Pray Like You Mean It

And when Jesus had crossed again in the boat to the other side, a great crowd gathered about him, and he was beside the sea. Then came one of the rulers of the synagogue, Jairus by name, and seeing him, he fell at his feet and implored him earnestly, saying, “My little daughter is at the point of death. Come and lay your hands on her, so that she may be made well and live.” And he went with him. And a great crowd followed him and thronged about him. | Mark 5:21-24 

Prayer. It’s not a thoughtless action. It’s not an action void of emotion. It’s not a grown-up version of a Christmas list. But we often act like it is. How many times have we muttered some phrases to God to fulfill our “obligations” to Him? How many times have we thrown a string of words at Him with hearts that are disengaged and disconnected? How many times have we simply listed out all our demands – or, as we like to call them, our “desires,” our “hopes” – without any consideration for the Lord’s leading? 

In Mark 5:21-43, we read about a ruler of the synagogue named Jairus. Did you happen to catch the way this man petitioned Jesus (v.22-23)? We read that Jairus fell at the feet of Jesus and implored Him earnestly on behalf of his daughter.

Reading this passage got me thinking: How do I petition the Lord? How do I ask for His intervening in my life? DO I even seek His intervening in the first place? In what state of heart and mind do I approach the throne of grace?

If it is with anything less than confident submission to His will, then I’m doing it wrong.

Confident submission. What does that mean? What does that look like? It’s faith in yielding. It’s belief without knowing. It’s trust in the surrender. Without both components (faith + surrender), we will miss IT – we will miss the daily miracles He performs on our behalf, we will miss His mighty workings in our lives, we will miss the opportunities He so meticulously purposed for us. Sure, they may still happen – but will we notice them? I don’t know about you, but I don’t want to miss IT.

I don’t want to miss HIM.

So how do I petition the Lord? In confident submission to Him, fully trusting that He will truly work all things together for my good and His glory (Romans 8:28).

How do I ask for His intervening in my life? Not simply by keeping my desires, my “wisdom,” my plans at the bottom half of the stack. No, it’s a little more difficult than that. I ask for His intervening in my life by erasing my desires, deleting my wisdom, wiping the slate of my plans squeaky clean so that He can write His desires, His plans upon the clean slate of my heart.

Reflect on how Jairus asked for the Lord’s intervening. Do we “implore Him earnestly?” Do we plead for His intervening? Do we beg for His interceding? In taking our needs to the Lord in prayer, do our tears, our bruised knees, our wrenching hearts prove our earnest desire for His rescue?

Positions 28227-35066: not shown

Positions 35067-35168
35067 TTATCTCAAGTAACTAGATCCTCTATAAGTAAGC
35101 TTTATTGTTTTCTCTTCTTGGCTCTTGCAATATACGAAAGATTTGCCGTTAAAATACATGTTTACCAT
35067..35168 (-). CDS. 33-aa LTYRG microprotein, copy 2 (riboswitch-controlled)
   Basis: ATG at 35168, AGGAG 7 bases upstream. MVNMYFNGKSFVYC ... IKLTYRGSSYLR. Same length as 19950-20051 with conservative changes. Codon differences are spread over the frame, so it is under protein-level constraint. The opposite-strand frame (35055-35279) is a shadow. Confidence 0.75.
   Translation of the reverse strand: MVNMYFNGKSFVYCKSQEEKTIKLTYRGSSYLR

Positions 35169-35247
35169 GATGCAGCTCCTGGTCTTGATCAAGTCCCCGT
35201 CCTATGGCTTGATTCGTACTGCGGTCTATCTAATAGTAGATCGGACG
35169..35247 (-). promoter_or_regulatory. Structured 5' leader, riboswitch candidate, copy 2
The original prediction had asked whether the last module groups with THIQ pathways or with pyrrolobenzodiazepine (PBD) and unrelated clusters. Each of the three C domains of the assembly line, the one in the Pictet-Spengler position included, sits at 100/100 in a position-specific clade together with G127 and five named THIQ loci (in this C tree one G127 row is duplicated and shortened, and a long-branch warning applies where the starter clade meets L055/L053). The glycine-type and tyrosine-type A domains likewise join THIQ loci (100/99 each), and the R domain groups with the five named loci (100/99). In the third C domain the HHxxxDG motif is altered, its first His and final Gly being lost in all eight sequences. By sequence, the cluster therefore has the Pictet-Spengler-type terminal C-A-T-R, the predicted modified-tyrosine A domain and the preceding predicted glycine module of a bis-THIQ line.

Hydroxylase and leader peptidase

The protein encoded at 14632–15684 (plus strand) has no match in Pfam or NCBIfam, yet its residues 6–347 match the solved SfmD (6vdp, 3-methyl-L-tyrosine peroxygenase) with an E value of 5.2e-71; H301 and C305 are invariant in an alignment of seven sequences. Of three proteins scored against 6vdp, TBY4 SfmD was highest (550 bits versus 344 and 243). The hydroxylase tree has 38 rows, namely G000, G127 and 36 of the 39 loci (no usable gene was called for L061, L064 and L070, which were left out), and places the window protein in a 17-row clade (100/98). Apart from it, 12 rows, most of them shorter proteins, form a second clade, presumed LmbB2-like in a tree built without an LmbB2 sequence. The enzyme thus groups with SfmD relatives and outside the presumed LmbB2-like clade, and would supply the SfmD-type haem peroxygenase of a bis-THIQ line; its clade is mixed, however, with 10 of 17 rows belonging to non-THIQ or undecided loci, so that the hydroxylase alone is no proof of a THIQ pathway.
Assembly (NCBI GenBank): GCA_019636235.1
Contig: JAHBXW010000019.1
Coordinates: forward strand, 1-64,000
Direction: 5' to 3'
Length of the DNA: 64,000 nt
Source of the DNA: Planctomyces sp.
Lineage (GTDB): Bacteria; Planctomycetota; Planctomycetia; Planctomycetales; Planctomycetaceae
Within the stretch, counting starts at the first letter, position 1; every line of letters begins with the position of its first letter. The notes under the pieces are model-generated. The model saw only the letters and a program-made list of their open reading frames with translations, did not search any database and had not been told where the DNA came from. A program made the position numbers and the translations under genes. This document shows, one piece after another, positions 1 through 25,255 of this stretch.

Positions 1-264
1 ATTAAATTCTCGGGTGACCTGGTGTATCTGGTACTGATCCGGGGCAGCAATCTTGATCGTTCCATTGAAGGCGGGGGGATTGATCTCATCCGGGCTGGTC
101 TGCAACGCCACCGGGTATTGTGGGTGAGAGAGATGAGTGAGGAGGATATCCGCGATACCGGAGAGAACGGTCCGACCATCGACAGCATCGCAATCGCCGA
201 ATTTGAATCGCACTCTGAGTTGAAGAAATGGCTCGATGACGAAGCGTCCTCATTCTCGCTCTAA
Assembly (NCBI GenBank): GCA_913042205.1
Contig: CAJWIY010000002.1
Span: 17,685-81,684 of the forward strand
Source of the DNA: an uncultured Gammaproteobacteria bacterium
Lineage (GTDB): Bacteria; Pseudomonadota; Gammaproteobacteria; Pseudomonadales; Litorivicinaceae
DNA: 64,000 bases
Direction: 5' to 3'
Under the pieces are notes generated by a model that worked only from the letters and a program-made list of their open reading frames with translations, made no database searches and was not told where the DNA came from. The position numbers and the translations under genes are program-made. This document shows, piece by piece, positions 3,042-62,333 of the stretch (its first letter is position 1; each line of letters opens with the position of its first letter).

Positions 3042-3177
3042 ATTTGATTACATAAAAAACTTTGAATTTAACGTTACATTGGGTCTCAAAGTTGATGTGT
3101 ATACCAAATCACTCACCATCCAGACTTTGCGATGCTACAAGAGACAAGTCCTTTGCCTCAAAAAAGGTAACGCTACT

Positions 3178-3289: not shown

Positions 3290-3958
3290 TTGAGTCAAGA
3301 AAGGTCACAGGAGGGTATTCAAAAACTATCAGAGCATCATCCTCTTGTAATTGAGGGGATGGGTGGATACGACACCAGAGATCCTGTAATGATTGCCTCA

I think not. I don’t think we pray about our needs, our desires as much as we talk about them. And if we do pray about them, how do we pray about them? Is it emotionless? Thoughtless? Out of habit? We claim to deeply yearn for things. We insist that we must have certain things. Yet we pray so non-consequentially about them. Jairus didn’t do that. Instead, he threw himself at Jesus’ feet and implored the Lord earnestly because he believed it could be consequential. In fact, he was hoping it would be consequential.

If we don’t really care enough about something to throw ourselves at the feet of Jesus and implore Him earnestly about them, then maybe we should just keep quiet. Empty, thoughtless words from a disengaged, faithless, obligated heart don’t matter to Him. And if we are approaching Him in such a way, it clearly doesn’t matter much to us either.

What should the condition of my heart and mind be when I approach the throne of grace? That of joyful surrender. When I seek the Lord’s will, do I really desire it? Or am I just saying I do in order to get my prayers as close to God’s ears as possible? If I am not seeking His will, I will miss what He is doing.

Jairus was blessed enough to have his petition answered. What’s more, he was blessed enough to see the hand of God work mightily. Had he not petitioned the Lord, what would have happened? Had he not approached Jesus with such humility, faith, and surrender, what would have happened? Jairus implored the Lord earnestly. And guess what? The Lord went with Jairus and astounded everyone when the little girl was brought back to life.

In falling at the feet of Jesus, in imploring the Lord so earnestly, Jairus found himself in the front row of Jesus’ miraculous working. He experienced firsthand the power of Christ to save.

When we approach the throne of grace, we must do so boldly (Hebrews 4:16). We must follow Jairus’ example, falling at the feet of Jesus and imploring Him earnestly for His leading, His will, His rescue. In doing so, we will set ourselves up to see the Lord’s hand in our lives, leading us to worship Him with thankful hearts strengthened in faith.

Friends, let’s pray like we mean it and mean what we pray, all the while seeking and surrendering to His will with the confidence that He will indeed work it all out for the absolute best. Remember:

His will, not ours. 

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